The South Burlington city council’s final Noise Compatibility Program recommendations have been submitted to Burlington International Airport.
And according to airport Deputy Aviation Director Nic Longo, the airport agrees with the city’s call to ‘retain the housing stock,’ and apply for noise mitigation measures that do not involve razing houses.
“Most of what they recommended was always going to be a part of what we’re recommending,” Longo said of the council’s letter.
The Noise Compatibility Program is part of a larger federal regulation that examines and minimizes noise from an airport. The airport and surrounding community stakeholders have worked closely together for about 18 months on a Technical Advisory Committee to draft recommendations for the program update. The final document is expected to be complete before the end of 2019, following a public forum and comment period. The city council recommendations will also be included as supporting material. The program is voluntary but can help airports obtain Federal Aviation Administration (FAA) support, including funds for noise mitigation efforts.
Those recommendations will also be based on data from a new Noise Exposure Map released last month based on the predicted noise levels of the F-35 military fighter jet program. The new jets are replacing the F-16 jets and will arrive in September at the Vermont Air National Guard base at Burlington International Airport.
The data revealed an increase in overall dwelling units that fall within a 65-decibel day-night average sound level (dB DNL): 2,640 dwelling units serving a total population of approximately 6,100 people, nearly triple the amount listed in 2015. The contour lines also showed that the number of affected homes in South Burlington have decreased, while neighboring municipalities, such as Winooski and Williston, saw noticeable increases. Specifically, the contours to the east and west shrunk, while the north and south contours expanded.
The Noise Exposure Map lists 823 dwelling units within the contours for South Burlington – 125 fewer dwelling units than the 948 listed in the previous maps.
But mitigation is weighing heavy on many residents’ minds. Over the course of several years up through 2018, roughly 200 South Burlington homes near the airport were razed due to noise mitigation efforts from the airport. Now, Longo says, the city’s housing stock, particularly through programs that pay for and install sound proofing insulation, are among the airport’s priorities.
In its final recommendation letter, the city council asserted its aversion to razing homes and programs that involved one-time payments for homes without measures to mitigate noise. Under the homes within the 75 + DNL section, councilors removed a paragraph which gave a final resort option to remove homes.
Those measures address block rounding to retain homes and assessments for sound insulation or purchase assurance.
Block rounding refers to a practice if some homes in a neighborhood are eligible for the program (in the 65+ DNL zone) and others in the same area are not, the airport and FAA may come to an agreement to allow the entire area (i.e. street or block) to be eligible to avoid isolation and help humanize the situation.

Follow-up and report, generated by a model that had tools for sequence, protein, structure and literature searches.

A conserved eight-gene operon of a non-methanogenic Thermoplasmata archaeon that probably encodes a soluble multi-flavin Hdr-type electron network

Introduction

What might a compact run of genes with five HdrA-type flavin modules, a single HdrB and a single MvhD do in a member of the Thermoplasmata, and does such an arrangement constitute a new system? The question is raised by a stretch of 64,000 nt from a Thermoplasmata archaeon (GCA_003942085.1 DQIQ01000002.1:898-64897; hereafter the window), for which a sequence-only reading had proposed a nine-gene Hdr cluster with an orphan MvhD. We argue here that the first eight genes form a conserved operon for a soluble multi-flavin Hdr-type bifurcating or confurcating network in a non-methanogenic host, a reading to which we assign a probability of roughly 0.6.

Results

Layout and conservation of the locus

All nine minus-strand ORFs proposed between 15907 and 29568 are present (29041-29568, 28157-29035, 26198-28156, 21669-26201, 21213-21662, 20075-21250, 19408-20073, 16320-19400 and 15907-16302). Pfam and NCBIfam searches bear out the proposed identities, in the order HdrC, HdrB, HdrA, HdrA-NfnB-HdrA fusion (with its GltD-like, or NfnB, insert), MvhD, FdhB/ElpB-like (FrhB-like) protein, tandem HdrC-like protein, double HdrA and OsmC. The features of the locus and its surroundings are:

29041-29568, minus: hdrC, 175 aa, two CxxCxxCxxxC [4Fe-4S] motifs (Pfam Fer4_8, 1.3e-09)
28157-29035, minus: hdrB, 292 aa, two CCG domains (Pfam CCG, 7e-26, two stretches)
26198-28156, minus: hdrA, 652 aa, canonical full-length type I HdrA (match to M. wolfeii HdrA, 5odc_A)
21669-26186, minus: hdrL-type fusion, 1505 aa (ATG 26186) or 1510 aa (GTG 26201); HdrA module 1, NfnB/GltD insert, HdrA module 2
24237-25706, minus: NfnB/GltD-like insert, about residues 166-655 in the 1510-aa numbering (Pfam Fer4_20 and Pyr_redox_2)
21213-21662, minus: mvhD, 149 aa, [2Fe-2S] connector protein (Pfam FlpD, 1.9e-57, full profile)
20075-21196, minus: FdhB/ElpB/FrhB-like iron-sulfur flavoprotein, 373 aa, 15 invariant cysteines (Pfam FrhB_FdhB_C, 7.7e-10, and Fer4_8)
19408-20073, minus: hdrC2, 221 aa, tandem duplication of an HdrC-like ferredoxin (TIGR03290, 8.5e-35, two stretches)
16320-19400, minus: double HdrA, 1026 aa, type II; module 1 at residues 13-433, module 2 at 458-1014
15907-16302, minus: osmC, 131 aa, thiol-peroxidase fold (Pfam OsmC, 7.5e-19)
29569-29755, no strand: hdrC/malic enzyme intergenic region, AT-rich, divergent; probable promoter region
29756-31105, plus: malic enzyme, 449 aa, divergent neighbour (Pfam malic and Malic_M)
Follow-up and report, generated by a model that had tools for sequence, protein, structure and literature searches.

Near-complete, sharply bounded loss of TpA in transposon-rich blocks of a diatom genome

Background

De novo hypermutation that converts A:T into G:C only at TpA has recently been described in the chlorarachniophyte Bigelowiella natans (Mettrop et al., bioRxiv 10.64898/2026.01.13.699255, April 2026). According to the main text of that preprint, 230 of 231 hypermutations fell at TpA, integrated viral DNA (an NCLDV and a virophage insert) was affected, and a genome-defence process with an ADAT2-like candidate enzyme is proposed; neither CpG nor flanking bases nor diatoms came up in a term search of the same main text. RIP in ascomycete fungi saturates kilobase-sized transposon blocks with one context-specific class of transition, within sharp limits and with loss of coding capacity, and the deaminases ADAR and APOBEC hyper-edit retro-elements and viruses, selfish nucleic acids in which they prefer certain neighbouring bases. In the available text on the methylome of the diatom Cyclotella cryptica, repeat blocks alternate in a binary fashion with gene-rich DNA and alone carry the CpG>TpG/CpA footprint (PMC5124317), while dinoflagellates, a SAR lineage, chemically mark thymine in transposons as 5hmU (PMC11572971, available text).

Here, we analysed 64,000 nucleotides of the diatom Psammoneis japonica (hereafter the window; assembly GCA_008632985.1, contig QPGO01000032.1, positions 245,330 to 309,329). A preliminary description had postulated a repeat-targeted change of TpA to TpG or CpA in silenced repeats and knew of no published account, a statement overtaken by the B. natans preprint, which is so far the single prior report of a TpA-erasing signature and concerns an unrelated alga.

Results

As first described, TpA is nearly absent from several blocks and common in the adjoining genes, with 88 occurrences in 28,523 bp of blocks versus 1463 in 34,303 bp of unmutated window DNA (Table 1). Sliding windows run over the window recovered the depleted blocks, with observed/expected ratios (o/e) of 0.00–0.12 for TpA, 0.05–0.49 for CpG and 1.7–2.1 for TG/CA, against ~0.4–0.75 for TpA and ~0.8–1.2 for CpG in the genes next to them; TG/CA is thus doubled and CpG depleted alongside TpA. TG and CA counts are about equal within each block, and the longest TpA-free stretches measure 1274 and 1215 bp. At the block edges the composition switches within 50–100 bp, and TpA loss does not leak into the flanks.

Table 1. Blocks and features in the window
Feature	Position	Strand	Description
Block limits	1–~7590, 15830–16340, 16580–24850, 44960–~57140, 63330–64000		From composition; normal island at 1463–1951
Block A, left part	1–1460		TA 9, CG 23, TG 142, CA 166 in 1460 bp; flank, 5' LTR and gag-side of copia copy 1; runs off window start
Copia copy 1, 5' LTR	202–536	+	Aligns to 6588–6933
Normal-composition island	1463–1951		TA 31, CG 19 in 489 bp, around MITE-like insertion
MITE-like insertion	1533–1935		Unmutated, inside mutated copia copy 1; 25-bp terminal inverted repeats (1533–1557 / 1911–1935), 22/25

The council first supports block rounding. If block rounding is not applicable or feasible, the council recommends individual house assessment to determine if sound insulation or purchase assurance options are possible. Under the purchase assurance program, the airport would buy an eligible resident’s home at fair market value, insulate it and return the home to the market for a new homeowner.
If those recommendations fail, the city would discuss other measures. The letter also included council members’ desire for a sound barrier, which would help dampen noise created by ground operations.
“We’re only interested in supporting programs that actually protect the housing stock,” council chair Helen Riehle told The Other Paper.
In the letter, councilors added a section under “Active Pursuit and Matching of FAA funds.” Here they called for the airport and its partners to cover any FAA noise compatibility funding matches as they have in the past, which would include the City of Burlington, which owns the airport.
“FAA noise compatibility funding may require a financial match,” the council wrote. “These have historically been met by the airport and other partners and not by the affected property owners of the City of South Burlington. Under future programs, it is the city’s expectation that this practice will continue.”
The council also added a section called “Future Changes to Noise Exposure Maps.” Here they recommended that should future changes in airport operations call for changes to the Noise Exposure Maps, the Noise Compatibility Program should also be updated. This, they said, is to assure noise mitigation efforts match the needs of the community.
Currently, airport administrators are at work compiling the Noise Exposure Map public comments, which will be sent to the FAA in July. They are also creating a spreadsheet answering the questions from residents, according to Longo. Afterwards, administrators will resume Noise Compatibility efforts. They’ll create a document for the FAA with recommendations from the airport, letters from local municipalities and public comments.
According to Longo, comments from homeowners who are directly affected by increased airport noise will carry significant weight in the FAA’s decision-making.
While Riehle didn’t want to generalize from a few conversations with residents, she said she has heard some concerns.
“Frankly, they still don’t really trust the airport,” she said of residents she heard from, adding that while she felt airport communications with the public had improved, the “mistrust goes back a long way.”
Riehle encouraged residents to send their own mailings to the airport as well.